• Simplify the process for E-Rate applicants by allowing multi-year applications and greater use of consortia applications. These changes would reduce paperwork and administrative expense, while allowing for greater scale and more cost-effective purchasing.

• Increase the availability of broadband connectivity outside the classroom. Commissioner Rosenworcel notes that many students have no broadband access outside of school hours, making it difficult for them to complete basic school assignments. The Commissioner calls for a study of the FCC E-Rate School Spots program – which allows schools to stay open after classroom hours for community broadband needs – to see how it might help close the digital learning gap.

Any such changes would need the approval of the full Commission before taking effect. We are likely to see whether any of them have traction in the coming year.


 Uncategorized  Comments Off on RECENT FCC DECISIONS
Dec 052012

The FCC released a number of decisions on E-Rate appeals yesterday. We’ve got an interesting case involving Net56, good news for Fort Worth Independent School District, and not so good news for Sprint. The highlights of each are included below.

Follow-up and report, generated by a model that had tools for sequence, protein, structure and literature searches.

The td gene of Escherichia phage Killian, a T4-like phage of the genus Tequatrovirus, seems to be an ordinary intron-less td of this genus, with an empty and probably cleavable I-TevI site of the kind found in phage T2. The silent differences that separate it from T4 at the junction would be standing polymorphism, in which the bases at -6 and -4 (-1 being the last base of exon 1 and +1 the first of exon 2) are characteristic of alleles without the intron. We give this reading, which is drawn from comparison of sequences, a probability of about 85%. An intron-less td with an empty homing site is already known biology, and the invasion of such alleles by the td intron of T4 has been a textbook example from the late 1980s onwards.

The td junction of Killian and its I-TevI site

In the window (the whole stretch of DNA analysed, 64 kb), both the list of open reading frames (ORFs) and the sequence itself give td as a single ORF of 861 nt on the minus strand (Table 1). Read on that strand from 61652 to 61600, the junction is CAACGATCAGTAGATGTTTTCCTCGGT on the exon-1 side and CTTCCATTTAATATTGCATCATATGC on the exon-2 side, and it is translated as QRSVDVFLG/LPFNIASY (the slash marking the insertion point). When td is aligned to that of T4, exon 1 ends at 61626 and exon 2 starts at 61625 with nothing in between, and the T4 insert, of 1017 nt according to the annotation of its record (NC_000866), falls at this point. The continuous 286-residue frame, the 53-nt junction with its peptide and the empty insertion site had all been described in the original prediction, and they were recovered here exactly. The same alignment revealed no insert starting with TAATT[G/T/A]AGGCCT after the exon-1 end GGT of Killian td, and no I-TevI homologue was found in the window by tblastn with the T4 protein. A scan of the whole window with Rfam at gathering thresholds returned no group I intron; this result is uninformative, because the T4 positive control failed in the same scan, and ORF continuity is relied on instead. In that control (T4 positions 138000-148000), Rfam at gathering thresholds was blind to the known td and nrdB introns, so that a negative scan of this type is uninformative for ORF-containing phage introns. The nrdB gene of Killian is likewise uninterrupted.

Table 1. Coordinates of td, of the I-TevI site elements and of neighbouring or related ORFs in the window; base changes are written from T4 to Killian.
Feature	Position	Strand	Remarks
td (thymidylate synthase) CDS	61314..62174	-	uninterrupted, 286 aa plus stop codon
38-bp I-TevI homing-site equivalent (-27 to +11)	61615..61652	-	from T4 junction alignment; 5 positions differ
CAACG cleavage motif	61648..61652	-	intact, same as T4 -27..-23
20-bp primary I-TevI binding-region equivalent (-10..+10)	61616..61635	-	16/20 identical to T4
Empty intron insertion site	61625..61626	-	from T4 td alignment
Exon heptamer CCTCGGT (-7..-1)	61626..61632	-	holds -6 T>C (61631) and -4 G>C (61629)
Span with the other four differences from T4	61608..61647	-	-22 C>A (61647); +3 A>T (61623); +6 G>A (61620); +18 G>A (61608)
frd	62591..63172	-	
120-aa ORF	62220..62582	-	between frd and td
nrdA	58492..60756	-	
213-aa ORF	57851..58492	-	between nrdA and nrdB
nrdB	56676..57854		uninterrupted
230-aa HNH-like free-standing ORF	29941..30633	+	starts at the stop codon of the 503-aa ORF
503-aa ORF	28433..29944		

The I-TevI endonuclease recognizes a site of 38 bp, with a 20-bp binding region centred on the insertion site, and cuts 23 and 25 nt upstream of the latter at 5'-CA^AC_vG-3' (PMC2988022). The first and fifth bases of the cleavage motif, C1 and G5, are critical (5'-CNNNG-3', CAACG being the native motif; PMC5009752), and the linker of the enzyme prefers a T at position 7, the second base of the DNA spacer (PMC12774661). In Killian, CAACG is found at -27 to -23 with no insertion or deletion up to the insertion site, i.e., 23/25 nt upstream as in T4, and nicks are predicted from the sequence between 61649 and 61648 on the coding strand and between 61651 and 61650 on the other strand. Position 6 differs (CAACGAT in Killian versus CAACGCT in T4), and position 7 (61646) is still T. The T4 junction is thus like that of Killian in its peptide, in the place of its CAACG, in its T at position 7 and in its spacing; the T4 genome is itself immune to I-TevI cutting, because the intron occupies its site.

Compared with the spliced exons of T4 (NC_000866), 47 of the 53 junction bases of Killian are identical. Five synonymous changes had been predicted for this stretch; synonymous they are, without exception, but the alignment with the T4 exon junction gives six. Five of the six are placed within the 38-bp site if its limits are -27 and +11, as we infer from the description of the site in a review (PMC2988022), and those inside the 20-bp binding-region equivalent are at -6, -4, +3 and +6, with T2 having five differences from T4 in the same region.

1. Net56, Inc. (DA 12-1951). In a decision that largely mirrors a previous Net56 ruling (see DA 12-1792), the FCC found it acceptable for an applicant to make payments directly to a financial services company for eligible and ineligible services, and then for the financial services company to pay Net56 for the eligible services. The FCC also concluded that Net56’s centralized solution, whereby most of the equipment was housed off-site at Net56’s location, was cost effective. In so finding, the FCC noted that USAC failed to account for all of the relevant costs (e.g., licenses, additional bandwidth, and training) when comparing Net56’s leased solution to a premises-based solution. Finally – and though the issue was never raised by USAC – the FCC found that Net56 complied with the Lowest Corresponding Price (LCP) rule. To make this showing, Net56 had provided examples of prices for its commercial customers and compared them to the prices charged the applicant.